Dear Journal: Stick Figures

stickfigureDear Journal,

I used to draw these stick figures, you know the kind, with the huge heads and tiny bodies. They looked like they would tip over more often than not if they were 3-dimensional. I always drew the bodies first too, so they looked like Jack Pumpkinhead when his pumpkin head got knocked off in Return to Oz. Sometimes I would leave them like that because either I wasn’t in the mood to try and draw a perfect circle or it just looked cool or something, like an infant tree that had lost its way.

Eventually, though, more often than not, I would draw that circle to top off the piece, and most times it wasn’t symmetrical, but I figured that was okay. People’s faces aren’t symmetrical, and if they were then they wouldn’t be true to life. In fact, they would probably be a bit creepy. That’s what I told myself anyway. Then, once I was as satisfied as I was going to be with the circle I would start adding features. An eye here, then erase it, and put it higher. A nose there, but it’s too bulbous so erase it and replace it. That was my favorite part of the process: erase it and replace it.

The mouth was always a dilemma because when I draw open mouths it always looks like they’re Dracula without fangs, they’re always open just a bit too wide. And don’t get me started on lips. I tried the thin-lipped look but that only works on models, not on stick figures who are fighting hard not to gag at their own appearance as it is. But big lips just make the whole thing appear clown-like, and I can’t have that. So no lips, and an O of a mouth that looks more like surprise than anything else. I find that a closed-mouth line just shows disdain for the whole process.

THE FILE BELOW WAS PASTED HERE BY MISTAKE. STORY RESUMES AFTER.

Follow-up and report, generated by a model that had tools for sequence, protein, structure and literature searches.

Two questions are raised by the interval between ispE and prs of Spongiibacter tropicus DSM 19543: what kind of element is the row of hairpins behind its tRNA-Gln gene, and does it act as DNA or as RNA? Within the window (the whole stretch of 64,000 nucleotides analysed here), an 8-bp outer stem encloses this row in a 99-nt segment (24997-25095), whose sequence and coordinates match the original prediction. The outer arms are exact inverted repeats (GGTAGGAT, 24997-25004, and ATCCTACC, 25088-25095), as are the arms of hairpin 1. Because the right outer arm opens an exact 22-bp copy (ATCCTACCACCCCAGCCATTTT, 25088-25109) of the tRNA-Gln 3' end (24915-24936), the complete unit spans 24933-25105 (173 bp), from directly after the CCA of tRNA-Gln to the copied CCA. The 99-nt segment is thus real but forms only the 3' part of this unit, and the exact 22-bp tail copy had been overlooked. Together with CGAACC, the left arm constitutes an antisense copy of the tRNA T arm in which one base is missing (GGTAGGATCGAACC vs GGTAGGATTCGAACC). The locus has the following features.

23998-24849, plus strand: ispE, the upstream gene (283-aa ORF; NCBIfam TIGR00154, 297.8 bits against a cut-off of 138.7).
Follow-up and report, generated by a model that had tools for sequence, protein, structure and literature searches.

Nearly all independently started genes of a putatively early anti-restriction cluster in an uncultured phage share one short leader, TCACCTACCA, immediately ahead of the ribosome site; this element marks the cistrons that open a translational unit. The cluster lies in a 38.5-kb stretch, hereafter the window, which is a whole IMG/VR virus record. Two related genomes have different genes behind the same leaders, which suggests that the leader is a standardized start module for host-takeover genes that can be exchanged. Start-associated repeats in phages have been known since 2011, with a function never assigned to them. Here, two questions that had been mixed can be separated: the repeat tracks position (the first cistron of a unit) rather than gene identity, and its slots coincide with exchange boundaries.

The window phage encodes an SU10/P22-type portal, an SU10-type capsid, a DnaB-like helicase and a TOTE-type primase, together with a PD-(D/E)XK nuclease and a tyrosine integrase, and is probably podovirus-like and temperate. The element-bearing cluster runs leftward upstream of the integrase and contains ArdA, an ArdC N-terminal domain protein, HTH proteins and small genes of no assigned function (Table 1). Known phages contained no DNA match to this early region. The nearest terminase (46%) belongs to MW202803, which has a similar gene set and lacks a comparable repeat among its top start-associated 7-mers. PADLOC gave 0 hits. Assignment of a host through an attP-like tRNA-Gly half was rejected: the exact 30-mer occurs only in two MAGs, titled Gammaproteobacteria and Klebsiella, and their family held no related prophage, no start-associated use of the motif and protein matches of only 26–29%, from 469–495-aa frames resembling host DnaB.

Then to add hair or not to add hair, that is the question. The bald-headed stick figure has an element of the classy, devil-may-care attitude, but it also shows off the lazyness of the artist. The “big hair” look just evokes the 80s, and not the “good” 80s but the “bad” 80s and everything that entails. Flat hair that comes down just seems limp and also lazy. So usually I just went for the cool guy/girl look with spiky hair that went off in every direction. Yeah, that showed I wasn’t lazy, that I put thought into the personality of the stick figure. Which is important.

Last but not least, I had to draw a caption for the piece, which generally involved my stick figure saying something demeaning about himself/herself, something like “At least my head is buoyant,” or “Turn me sideways and watch my head float in midair.” Yes, most of what I came up with was derogatory, and usually about the size and misshapen aspect of the head, but it was all I had to work with. It wasn’t quite New Yorker quality cartoons, and that was okay. It was a stick figure.

And I was okay with that.



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